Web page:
For the BBC and Prime Video’s The English, Hugo Blick took the classic western and added in some 21st century sensibilities too. Jon Creamer Reports

“I  think it was Jimmy Stewart who said the Western is filmmaking at its most pure.” So says Hugo Blick, writer and director of the BBC and Prime Video’s upcoming epic take on the genre, The English.

The Western is also a form that stretches back into the history of filmmaking. And the roots of the idea for The English go back a long way too. “I was sent to Montana at eighteen as a stabilising influence,” says Blick about the genesis of the idea. While in Montana being taught the outdoors life by a family friend, he made “a hunting buddy I called Chief. He wasn’t a chief. He called me English. We were easy with this casual racism, but pretty soon I got to see it was a one-way street – with all the heavy traffic heading his way. Then one day he took off. I never knew his real name, nor he mine. I regretted that. This was a kernel for The English.”

Fast forward to 2019, and Blick was showing his script to Drama Republic executive producer Greg Brenman, “I suggested to him that given that the budget would need to be ambitious to realise this series, we were going to need a significant partner,” says Brenman. “And for that significant partner to come on board, I suggested we try to get some major talent attached.”

Piers Wenger, then head of BBC Drama, and Blick’s first port of call for a commission, had also given him “the gentle challenge of attaching a star of a calibre to match its ambitions,” says Blick.

Finding the star

That next step was surprisingly quick.

“I’d written with Emily Blunt in mind and sent it to her,” says Blick. “Fortunately, she’s a quick reader and got back within a couple of days to say she was in. I like a person who takes that kind of leap, especially with 5/6ths of the story still to be written and it spoke directly to exactly the kind of character I was writing.”

Within the week, Blick flew out to New York to meet with Blunt at the New York office she shares with husband John Krasinski. After that meeting, the project moved at an even greater pace. With just a short window of opportunity open before Blunt would be immersed in her next project. Blick, Blunt and Brenman headed off on a pitching trip to LA to secure a US partner to go along with the BBC on the UK end.

But at that point, says Brenman, “No one knew about it. The only person who’d read it outside of me and Hugo was Emily.” Possible US partners were hastily sent scripts before the flight. “I said to them ‘let’s just pencil meetings and, if having read the script, you think it could be for you let’s meet and if not, let’s not.” Those answers were filtering through to Brenman on the flight to LA. “By the time we got off the plane, that journey had been a really useful filtering system, because westerns are a very strong flavour. And you either want them on your channel or you don’t.”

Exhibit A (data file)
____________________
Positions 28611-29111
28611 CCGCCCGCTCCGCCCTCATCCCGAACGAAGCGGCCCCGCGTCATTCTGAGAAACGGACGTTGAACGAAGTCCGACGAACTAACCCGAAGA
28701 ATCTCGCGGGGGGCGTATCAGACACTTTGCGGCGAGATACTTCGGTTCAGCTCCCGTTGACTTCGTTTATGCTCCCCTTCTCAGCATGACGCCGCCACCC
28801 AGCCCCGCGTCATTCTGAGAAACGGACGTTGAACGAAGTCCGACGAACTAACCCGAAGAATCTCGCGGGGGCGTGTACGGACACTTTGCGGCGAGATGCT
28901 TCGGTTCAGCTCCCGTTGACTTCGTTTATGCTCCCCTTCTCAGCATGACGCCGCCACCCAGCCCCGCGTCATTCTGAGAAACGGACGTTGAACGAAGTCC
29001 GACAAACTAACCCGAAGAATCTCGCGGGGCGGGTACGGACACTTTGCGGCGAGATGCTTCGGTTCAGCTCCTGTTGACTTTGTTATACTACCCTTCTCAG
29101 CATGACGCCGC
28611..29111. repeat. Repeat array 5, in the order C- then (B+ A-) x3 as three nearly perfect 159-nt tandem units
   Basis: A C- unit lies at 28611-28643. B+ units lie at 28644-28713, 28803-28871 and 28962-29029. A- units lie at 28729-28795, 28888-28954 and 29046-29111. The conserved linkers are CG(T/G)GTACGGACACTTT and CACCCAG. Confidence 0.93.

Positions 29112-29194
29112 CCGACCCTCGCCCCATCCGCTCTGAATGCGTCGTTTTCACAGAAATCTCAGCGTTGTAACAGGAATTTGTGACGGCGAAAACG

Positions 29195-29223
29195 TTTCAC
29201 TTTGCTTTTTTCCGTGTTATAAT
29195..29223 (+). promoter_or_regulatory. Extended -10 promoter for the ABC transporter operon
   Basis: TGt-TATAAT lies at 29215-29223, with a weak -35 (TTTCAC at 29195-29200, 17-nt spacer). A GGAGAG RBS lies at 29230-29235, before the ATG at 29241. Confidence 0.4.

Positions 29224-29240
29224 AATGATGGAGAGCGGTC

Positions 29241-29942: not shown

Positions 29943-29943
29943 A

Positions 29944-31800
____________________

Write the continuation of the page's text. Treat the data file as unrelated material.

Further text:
And some very much did, “they all loved the script. And obviously, they all loved the idea of Hugo and Emily,” says Brenman. “Our first meeting was with Amazon” and despite offers from other channels, “Amazon, as they say, boarded in the room.”

Fleshing it out

That was in June 2019. From there Blick began to build the series. But while the show pays homage to the classic Western, in both its look and many of its themes, a Western made in 2022 had to also engage with themes that were ignored in the early days of the genre, and in particular, race. Blick sent his completed scripts to IllumiNative, a Native led racial and social justice organisation. IllumiNative introduced him to representatives of the Pawnee and Cheyenne Nations “each of whom are specialists in the cultural and military history of their respective Nations”

As Blick says, “we were not making a documentary. Nonetheless, because of the leading position of Eli Whipp (played by Chaske Spencer) within the story and the many historical influences upon him, the precise nature of his fictional story had to carry the weight of historical authenticity.” And while The English is a revenge thriller and love story, “it couldn’t star a Native American playing a Native American if it didn’t engage, to some degree, with the genre’s historical relationship to race.”

Wide open spaces

Authenticity also required the perfect location to replicate the Kansas and Wyoming setting. But where exactly to film was the next step on the agenda. “First of all, we looked at America, obviously, it’s a Western,” says producer Colin Wratten. “We looked at Santa Fe, New Mexico, we also looked at Calgary and filming in Canada as an option.”